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Is there a ‘me’ in ‘chimera’?

  • Posted on May 26, 2013 at 10:27 am

One of the more fascinating debates to have in the pub is when people start to ‘enquire beyond’. What is beyond the universe? What is beyond the end of time? What is beyond this life? It’s reassuring to know that there isn’t some monster at the end of the universe, or that time is not simply recycled in some Groundhog Day nightmare, or that hell isn’t just a coercive historical invention of a ruling priesthood. Whenever a conversation starts to ‘go beyond’, even if it is just an inability to understand a different human culture, or to think scientifically about something where there is insufficient knowledge, I recall Descartes’ Discourse on Method.

It was tough going, on my philosophy course at university, to plough through, especially since God had to be an integral part of all Descartes’ functions of reason, but I do recall some important features. One is that everything lesser comes from something greater, and that we can’t always infer the rock from the chipped-off stone. Also, that you can’t invent and describe a chimera (a made-up creature) that isn’t made of bits with which you are already familiar.

We had a rather old inherited children’s book with split pages, where you could mix half a lion with half a giraffe, for example, to make a liraffe. And pictures of dragons and monsters, or even aliens, are always recognisable in their parts. There is a head, or sometimes the body contains the head parts (Monsters Inc). An eye or eyes, a mouth and teeth (usually, not many monsters simply suck, and we tend to think of them as frightening and aggressive, so they need teeth), limbs to get about, with joints, gripping-parts with fingers, suckers or claws, and maybe a tail for balance or as a weapon. But however hard you try, it will be slimy, furry, leathery, scaly, or something derived from an experience of a living creature, or manufactured robot you know. You can only describe and imagine from what you already know – and for sure, we don’t know everything. (Anyone who knows me well, knows that I can be very adamantly wrong!) If you were to meet a quite different being, manifesting in an entirely novel way, you would have no words to convey the experience. Everything would be analogy or simile – in other words, solely in terms of your current available shared experience. In fact, you would have difficulty having the experience if it really was beyond the universe we know so partially.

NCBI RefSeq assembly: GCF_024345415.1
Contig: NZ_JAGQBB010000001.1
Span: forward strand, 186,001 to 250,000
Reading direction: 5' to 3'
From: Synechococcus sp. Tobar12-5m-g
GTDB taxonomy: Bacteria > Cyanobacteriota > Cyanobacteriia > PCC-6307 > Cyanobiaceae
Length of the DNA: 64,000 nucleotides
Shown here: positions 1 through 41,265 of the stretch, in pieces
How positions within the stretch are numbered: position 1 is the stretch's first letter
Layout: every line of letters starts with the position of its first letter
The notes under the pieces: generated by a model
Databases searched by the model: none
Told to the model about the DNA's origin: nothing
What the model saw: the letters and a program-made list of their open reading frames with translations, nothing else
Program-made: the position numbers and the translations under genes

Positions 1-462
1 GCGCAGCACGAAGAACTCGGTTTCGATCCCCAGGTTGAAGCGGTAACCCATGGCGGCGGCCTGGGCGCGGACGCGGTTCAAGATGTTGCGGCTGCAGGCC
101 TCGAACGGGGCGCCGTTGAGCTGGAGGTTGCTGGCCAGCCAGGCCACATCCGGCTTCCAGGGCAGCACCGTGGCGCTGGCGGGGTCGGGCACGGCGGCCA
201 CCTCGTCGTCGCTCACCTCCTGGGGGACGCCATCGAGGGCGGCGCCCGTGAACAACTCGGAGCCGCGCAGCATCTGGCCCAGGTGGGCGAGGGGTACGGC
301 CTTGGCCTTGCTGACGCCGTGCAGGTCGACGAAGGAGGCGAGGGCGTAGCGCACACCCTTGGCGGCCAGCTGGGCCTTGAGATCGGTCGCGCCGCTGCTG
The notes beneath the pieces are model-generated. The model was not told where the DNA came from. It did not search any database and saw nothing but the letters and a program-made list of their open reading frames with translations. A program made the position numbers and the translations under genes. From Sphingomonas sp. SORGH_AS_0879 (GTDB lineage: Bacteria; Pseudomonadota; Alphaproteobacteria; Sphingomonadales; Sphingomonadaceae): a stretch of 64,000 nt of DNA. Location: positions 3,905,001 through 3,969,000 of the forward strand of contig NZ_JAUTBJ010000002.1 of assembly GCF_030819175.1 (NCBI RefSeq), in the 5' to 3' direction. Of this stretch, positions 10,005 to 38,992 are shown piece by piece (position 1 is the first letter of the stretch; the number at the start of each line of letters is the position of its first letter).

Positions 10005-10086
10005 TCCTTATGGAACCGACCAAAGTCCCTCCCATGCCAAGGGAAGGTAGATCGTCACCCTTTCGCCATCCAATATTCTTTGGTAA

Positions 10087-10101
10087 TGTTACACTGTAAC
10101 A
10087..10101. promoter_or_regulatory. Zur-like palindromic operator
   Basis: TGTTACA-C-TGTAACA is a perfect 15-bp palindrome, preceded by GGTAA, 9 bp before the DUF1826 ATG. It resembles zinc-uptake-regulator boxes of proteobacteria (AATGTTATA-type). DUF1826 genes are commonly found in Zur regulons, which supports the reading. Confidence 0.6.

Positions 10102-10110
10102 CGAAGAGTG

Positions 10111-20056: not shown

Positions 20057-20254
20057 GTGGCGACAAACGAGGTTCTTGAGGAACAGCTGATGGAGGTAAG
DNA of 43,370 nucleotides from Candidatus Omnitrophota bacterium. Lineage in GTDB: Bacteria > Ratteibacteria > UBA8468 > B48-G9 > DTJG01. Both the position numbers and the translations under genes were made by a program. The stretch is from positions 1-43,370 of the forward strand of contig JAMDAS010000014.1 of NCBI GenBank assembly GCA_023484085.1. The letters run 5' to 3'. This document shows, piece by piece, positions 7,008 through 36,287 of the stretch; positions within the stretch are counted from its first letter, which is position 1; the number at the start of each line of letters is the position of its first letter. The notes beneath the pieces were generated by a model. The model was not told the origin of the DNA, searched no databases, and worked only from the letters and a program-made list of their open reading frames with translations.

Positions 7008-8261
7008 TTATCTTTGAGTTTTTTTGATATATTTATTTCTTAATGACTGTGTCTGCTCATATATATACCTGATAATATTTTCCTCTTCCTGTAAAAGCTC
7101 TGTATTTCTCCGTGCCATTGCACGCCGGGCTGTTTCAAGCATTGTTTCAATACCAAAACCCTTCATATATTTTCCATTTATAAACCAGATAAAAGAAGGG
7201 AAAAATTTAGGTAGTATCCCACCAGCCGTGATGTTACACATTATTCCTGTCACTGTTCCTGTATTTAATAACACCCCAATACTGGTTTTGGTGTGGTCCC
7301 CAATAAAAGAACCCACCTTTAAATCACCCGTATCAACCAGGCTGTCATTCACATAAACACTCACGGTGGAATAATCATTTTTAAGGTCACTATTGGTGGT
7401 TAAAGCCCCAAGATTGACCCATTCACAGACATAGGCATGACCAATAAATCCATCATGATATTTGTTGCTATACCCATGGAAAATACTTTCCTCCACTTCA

Belonging and experience

Now think of your own life, its changes, roles, relations, and the creature that you are. Here is short chain of what I am so far:

unborn kick; baby; Andrew; son; brother; minor; pubescent child; Andy; adolescent; boyfriend; student; lover; man; husband; father; companion; woman; sister; daughter

I said ‘I am’ because either I am momentary (i.e. only actually exist in this moment) or I am everything from all moments because that is known and recalled. I could add the decorations, of writer, artist, musician, etc., but you get the point. These aspects are all me. Yes, I include the male stuff, because the body part of me was identifiably that, but because I am woman, that is as real and as true as anything else. I lived and performed as a man mistakenly for far too long, but nevertheless I did, just as surely as I kicked before I was born. You can’t infer the whole from the part, and you can also recognise everything that has ever described me.